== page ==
Differentiation of AB-FUBINACA and its five positional isomers using liquid chromatography–electrospray ionization-linear ion trap mass spectrometry and triple quadrupole mass spectrometry
Positional isomer differentiation is crucial for forensic analysis. The aim of this study was to differentiate AB-FUBINACA positional isomers using liquid chromatography (LC)–electrospray ionization (ESI)-linear ion trap mass spectrometry (LIT-MS) and LC–ESI-triple quadrupole mass spectrometry (QqQ-MS).
AB-FUBINACA, its two fluorine positional isomers on the phenyl ring, and three methyl positional isomers in the carboxamide side chain were analyzed by LC–ESI-LIT-MS and LC–ESI-QqQ-MS.
Four of the positional isomers, excluding AB-FUBINACA and its 3-fluorobenzyl isomer, were chromatographically separated on an ODS column in isocratic mode. ESI-LIT-MS could discriminate only three isomers, i.e., the 2-fluorobenzyl isomer, the N-(1-amino-2-methyl-1-oxobutan-2-yl) isomer, and the N-(1-amino-1-oxobutan-2-yl)-N-methyl isomer, based on their characteristic product ions observed at the MS3 stage in negative mode. ESI-QqQ-MS differentiated all six isomers in terms of the relative abundances of the product ions that contained the isomeric moieties involved in collision-induced dissociation reactions. The six isomers were more clearly and significantly differentiated upon comparison of the logarithmic values of the product ion abundance ratios as a function of collision energy.
The present LC–MS methodologies were useful for the differentiation of a series of AB-FUBINACA positional isomers.
KeywordsAB-FUBINACA Positional isomer differentiation Liquid chromatography Electrospray ionization Linear ion trap mass spectrometry Triple quadrupole mass spectrometry
Over the past 50 years, pharmaceutical companies and academic laboratories have developed synthetic cannabinoids (SCs) as potential pharmaceutical agents for the treatment of pain. These compounds are CB1 and/or CB2 agonists and elicit similar effects to that of Δ9-tetrahydrocannabinol (THC), the active component in cannabis [1, 2, 3]. In late 2008, the European Monitoring Center for Drugs and Drug Addiction (EMCDDA) detected several SCs, including JWH-018, JWH-073, and CP-47,497, in herbal smoking mixtures marketed as incense or room odorizers often known as ‘K2’ or ‘Spice’. Subsequently, various herbal products containing SCs have been distributed worldwide , resulting in numerous serious incidents involving individuals under their influence. To immediately deter the epidemic of drug abuse, many countries have increased the number of individually named controlled substances. However, structurally distinct designer drugs aimed at circumventing such legal measures have continued to be synthesized. In an attempting to address worldwide social concerns, the UK government has implemented a blanket scheduling of SCs through the introduction of generic legislation based on modifications to core structures, as recommended by the UK home office from the Advisory Council on the Misuse of Drugs (ACMD) in 2009 . However, this regulation did not deter the prevalence of SCs. Indeed, according to reports from the Forensic Early Warning System (FEWS) in 2012, noncontrolled SCs such as AM2201, RCS-4, and UR-144, so-called ‘second-generation’ synthetic cannabinoids, were frequently detected in forensic seizures [6, 7, 8].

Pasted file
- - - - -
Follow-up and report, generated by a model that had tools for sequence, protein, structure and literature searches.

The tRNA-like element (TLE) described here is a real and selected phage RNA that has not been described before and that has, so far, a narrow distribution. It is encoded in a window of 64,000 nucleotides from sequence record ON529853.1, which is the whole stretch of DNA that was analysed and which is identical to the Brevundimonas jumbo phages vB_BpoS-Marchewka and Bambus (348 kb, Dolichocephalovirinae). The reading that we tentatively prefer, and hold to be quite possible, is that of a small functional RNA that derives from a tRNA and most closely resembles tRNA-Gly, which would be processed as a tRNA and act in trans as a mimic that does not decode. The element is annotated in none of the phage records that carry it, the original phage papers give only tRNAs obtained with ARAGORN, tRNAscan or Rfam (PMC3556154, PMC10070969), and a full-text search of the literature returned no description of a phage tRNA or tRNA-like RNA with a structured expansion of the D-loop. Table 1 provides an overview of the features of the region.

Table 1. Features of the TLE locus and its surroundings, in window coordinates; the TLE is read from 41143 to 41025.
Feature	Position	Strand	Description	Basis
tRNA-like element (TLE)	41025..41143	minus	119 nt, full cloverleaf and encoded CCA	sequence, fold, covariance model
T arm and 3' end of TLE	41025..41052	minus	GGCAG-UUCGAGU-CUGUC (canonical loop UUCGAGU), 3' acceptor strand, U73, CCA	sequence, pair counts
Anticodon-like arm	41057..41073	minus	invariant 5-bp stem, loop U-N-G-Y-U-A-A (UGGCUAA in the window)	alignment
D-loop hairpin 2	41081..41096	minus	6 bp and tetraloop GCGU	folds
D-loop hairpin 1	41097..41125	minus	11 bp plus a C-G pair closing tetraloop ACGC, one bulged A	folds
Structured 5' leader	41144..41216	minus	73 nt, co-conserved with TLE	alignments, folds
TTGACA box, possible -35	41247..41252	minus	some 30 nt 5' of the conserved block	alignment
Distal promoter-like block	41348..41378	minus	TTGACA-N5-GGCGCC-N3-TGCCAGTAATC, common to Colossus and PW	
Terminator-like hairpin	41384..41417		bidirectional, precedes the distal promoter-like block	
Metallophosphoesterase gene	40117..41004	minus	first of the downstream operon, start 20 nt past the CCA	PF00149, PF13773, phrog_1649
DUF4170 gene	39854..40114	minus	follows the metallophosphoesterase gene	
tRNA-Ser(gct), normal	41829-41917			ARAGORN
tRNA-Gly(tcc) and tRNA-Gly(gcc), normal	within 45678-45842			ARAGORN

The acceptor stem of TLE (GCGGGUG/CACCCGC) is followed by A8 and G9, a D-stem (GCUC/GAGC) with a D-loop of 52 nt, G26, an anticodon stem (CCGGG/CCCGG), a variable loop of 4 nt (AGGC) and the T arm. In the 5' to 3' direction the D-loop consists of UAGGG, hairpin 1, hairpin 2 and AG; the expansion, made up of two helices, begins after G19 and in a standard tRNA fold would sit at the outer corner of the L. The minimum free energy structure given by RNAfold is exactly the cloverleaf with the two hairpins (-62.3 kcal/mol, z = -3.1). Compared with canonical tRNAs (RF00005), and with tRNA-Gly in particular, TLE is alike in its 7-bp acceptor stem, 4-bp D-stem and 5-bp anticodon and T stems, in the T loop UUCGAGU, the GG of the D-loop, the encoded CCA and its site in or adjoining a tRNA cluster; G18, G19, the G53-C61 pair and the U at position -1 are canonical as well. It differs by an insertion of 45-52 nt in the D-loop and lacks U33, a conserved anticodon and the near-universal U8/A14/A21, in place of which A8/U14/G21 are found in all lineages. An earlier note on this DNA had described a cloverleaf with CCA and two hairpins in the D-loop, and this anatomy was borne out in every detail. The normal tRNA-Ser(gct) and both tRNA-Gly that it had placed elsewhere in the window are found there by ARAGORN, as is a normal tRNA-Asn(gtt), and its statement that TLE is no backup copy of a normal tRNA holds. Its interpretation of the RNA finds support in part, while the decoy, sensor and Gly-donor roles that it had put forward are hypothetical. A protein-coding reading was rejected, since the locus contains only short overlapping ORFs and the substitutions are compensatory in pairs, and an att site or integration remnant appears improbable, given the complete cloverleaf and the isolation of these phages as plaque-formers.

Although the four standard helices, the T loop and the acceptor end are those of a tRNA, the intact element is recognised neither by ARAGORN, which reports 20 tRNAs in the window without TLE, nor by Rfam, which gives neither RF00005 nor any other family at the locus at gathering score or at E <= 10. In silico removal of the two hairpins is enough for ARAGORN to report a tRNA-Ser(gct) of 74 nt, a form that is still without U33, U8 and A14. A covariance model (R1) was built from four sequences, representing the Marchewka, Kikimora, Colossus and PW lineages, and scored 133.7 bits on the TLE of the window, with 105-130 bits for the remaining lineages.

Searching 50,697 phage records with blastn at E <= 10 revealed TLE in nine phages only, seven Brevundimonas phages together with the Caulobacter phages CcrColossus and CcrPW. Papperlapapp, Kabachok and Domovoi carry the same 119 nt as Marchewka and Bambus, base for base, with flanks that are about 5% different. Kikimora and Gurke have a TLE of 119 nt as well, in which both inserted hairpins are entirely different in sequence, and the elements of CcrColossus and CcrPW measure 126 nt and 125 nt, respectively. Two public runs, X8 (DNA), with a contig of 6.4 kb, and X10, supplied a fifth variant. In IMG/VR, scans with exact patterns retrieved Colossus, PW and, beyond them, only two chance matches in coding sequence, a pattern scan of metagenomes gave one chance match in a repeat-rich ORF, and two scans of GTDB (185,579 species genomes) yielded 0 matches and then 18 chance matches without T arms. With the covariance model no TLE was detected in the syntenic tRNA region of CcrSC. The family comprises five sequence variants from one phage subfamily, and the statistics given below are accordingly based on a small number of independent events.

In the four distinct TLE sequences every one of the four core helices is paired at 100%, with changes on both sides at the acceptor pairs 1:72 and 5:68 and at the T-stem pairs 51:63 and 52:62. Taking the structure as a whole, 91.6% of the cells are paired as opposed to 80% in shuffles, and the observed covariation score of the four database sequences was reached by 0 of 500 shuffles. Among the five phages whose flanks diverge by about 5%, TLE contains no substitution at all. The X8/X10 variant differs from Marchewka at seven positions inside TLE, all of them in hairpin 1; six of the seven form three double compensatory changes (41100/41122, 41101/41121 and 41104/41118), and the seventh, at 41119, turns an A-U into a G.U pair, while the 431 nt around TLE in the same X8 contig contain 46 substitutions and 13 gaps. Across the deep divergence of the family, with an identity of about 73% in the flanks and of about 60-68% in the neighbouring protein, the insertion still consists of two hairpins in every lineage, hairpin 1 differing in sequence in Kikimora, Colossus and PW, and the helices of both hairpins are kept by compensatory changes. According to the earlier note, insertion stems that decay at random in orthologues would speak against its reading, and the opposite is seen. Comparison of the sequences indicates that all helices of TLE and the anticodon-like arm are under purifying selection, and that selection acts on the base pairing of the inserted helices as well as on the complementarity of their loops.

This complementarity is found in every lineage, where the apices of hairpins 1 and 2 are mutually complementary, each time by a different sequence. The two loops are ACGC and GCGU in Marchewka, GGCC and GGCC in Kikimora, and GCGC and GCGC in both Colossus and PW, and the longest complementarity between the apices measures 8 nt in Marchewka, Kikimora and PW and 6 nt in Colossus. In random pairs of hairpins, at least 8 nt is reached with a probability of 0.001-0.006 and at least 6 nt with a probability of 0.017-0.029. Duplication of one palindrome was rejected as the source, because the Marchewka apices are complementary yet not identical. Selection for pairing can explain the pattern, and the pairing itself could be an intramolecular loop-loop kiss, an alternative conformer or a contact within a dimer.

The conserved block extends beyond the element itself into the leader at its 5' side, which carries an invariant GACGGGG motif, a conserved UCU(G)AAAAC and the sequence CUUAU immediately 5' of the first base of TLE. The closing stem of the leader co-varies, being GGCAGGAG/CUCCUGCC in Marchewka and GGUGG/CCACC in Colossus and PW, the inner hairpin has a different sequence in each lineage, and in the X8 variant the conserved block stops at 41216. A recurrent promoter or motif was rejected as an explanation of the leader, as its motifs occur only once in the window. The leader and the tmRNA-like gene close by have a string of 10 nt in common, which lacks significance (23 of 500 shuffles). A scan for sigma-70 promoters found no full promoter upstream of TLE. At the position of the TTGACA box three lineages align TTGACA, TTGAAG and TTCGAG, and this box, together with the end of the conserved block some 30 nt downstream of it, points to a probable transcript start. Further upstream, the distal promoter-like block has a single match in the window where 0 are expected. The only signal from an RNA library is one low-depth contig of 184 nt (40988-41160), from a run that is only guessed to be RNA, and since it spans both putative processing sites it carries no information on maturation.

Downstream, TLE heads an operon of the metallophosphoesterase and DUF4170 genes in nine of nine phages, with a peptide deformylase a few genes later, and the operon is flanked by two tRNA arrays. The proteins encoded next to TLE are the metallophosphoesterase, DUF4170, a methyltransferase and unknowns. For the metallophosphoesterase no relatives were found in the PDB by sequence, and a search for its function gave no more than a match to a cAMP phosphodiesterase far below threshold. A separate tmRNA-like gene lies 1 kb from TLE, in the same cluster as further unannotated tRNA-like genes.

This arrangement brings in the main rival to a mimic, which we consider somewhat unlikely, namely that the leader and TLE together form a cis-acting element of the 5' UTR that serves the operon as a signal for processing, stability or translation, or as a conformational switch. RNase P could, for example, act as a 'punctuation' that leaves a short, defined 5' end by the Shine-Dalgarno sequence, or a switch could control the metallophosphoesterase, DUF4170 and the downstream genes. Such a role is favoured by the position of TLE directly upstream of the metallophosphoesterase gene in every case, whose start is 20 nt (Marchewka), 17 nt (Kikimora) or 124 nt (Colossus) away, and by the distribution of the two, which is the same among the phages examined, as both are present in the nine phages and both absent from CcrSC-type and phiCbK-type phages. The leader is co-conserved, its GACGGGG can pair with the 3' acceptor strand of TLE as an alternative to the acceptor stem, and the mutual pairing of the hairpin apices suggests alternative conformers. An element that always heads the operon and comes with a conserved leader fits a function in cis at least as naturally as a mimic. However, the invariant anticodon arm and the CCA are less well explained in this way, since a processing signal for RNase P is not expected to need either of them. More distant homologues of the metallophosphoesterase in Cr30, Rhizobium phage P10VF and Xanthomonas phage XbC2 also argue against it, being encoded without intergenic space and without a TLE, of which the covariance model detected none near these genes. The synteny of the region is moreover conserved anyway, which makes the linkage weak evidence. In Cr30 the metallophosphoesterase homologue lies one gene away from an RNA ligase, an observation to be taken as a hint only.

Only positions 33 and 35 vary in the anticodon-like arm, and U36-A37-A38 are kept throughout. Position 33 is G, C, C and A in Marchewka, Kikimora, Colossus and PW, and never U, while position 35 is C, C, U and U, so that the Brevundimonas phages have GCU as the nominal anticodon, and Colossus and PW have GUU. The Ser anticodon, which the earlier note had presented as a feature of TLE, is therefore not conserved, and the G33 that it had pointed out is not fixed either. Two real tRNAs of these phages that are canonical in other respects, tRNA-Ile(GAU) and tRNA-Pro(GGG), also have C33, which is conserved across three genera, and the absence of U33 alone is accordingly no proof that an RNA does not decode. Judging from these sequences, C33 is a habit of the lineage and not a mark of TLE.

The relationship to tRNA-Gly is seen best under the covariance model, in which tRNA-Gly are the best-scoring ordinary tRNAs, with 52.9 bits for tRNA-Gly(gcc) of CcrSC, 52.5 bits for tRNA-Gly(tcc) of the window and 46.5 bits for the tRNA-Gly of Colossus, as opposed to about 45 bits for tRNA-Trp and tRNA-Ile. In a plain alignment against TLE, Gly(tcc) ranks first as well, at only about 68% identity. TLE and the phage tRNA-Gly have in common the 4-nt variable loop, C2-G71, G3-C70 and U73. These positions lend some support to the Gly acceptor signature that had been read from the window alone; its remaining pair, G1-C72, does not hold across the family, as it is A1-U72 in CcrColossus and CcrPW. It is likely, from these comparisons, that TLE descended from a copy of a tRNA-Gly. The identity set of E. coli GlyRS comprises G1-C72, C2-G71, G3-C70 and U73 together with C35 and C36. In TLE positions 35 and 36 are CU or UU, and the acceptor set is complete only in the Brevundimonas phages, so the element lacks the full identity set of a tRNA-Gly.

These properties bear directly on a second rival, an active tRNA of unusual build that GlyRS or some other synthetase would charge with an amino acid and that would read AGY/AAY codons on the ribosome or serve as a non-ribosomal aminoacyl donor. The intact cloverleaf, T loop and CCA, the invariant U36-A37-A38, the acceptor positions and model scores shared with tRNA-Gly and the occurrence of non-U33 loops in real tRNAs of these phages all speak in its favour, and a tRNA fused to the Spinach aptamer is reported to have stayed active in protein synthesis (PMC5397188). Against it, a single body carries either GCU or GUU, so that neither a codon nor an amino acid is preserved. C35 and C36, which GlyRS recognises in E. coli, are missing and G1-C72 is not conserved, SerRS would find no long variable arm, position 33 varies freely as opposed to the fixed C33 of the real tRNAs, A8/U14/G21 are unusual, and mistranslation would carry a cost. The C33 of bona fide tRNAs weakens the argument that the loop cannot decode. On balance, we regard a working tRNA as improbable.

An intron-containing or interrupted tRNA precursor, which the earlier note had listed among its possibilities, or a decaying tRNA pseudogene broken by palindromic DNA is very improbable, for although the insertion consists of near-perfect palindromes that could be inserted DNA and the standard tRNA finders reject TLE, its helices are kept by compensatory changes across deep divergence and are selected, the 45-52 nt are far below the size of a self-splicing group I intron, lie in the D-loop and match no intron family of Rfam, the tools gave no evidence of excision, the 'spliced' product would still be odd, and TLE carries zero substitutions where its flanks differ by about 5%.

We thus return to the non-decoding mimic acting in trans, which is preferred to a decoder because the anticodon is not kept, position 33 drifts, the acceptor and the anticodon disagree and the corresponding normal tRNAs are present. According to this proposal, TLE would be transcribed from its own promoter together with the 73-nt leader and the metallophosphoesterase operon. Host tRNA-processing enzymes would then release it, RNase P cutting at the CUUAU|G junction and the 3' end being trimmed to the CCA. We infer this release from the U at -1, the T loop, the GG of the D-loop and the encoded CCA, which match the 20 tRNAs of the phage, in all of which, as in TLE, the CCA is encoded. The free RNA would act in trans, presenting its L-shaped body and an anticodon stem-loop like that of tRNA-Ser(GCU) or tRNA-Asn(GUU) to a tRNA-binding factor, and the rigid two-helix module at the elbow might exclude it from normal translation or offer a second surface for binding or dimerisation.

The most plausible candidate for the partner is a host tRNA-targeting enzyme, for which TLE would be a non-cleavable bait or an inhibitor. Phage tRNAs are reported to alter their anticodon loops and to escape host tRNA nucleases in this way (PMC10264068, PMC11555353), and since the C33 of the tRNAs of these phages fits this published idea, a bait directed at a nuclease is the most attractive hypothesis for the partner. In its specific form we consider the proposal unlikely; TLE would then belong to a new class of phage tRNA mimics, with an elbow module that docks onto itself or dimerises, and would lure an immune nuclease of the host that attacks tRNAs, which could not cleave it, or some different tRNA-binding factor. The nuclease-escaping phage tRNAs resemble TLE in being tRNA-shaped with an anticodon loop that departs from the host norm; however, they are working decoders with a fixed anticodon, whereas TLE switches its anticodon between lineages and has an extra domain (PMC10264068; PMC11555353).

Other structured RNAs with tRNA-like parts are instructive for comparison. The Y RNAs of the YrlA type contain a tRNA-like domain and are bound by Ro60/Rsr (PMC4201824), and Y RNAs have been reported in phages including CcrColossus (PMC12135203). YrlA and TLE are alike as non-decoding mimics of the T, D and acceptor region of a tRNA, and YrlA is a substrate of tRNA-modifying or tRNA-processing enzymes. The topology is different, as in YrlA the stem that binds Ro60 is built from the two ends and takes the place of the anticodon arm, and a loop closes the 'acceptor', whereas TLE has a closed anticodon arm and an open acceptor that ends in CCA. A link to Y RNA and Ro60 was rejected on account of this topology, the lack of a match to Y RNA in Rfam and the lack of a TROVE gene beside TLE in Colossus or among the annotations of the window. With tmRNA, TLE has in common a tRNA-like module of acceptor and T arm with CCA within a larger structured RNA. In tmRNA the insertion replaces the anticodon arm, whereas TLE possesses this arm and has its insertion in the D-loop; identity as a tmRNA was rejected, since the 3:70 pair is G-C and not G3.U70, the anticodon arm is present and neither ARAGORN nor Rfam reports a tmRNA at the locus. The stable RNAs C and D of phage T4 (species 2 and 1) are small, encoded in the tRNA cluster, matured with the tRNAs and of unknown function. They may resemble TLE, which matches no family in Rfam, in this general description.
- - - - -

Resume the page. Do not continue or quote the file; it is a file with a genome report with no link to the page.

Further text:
Materials and methods
N-(1-Amino-3-methyl-1-oxobutan-2-yl)-1-(4-fluorobenzyl)-1H-indazole-3-carboxamide (AB-FUBINACA), N-(1-amino-3-methyl-1-oxobutan-2-yl)-1-(2-fluorobenzyl)-1H-indazole-3-carboxamide (isomer-1), N-(1-amino-3-methyl-1-oxobutan-2-yl)-1-(3-fluorobenzyl)-1H-indazole-3-carboxamide (isomer-2), N-(1-amino-1-oxopentan-2-yl)-1-(4-fluorobenzyl)-1H-indazole-3-carboxamide (isomer-3), N-(1-amino-2-methyl-1-oxobutan-2-yl)-1-(4-fluorobenzyl)-1H-indazole-3-carboxamide (isomer-4), and N-(1-amino-1-oxobutan-2-yl)-1-(4-fluorobenzyl)-N-methyl-1H-indazole-3-carboxamide (isomer-5) (Fig. 1) were purchased from Cayman Chemical (Ann Arbor, MI, USA). Their standard stock solutions (200 μg/mL) were prepared in methanol and stored at − 20 °C. The working standard solutions (20 μg/mL) to be injected into the mass spectrometer were prepared by diluting the stock solutions.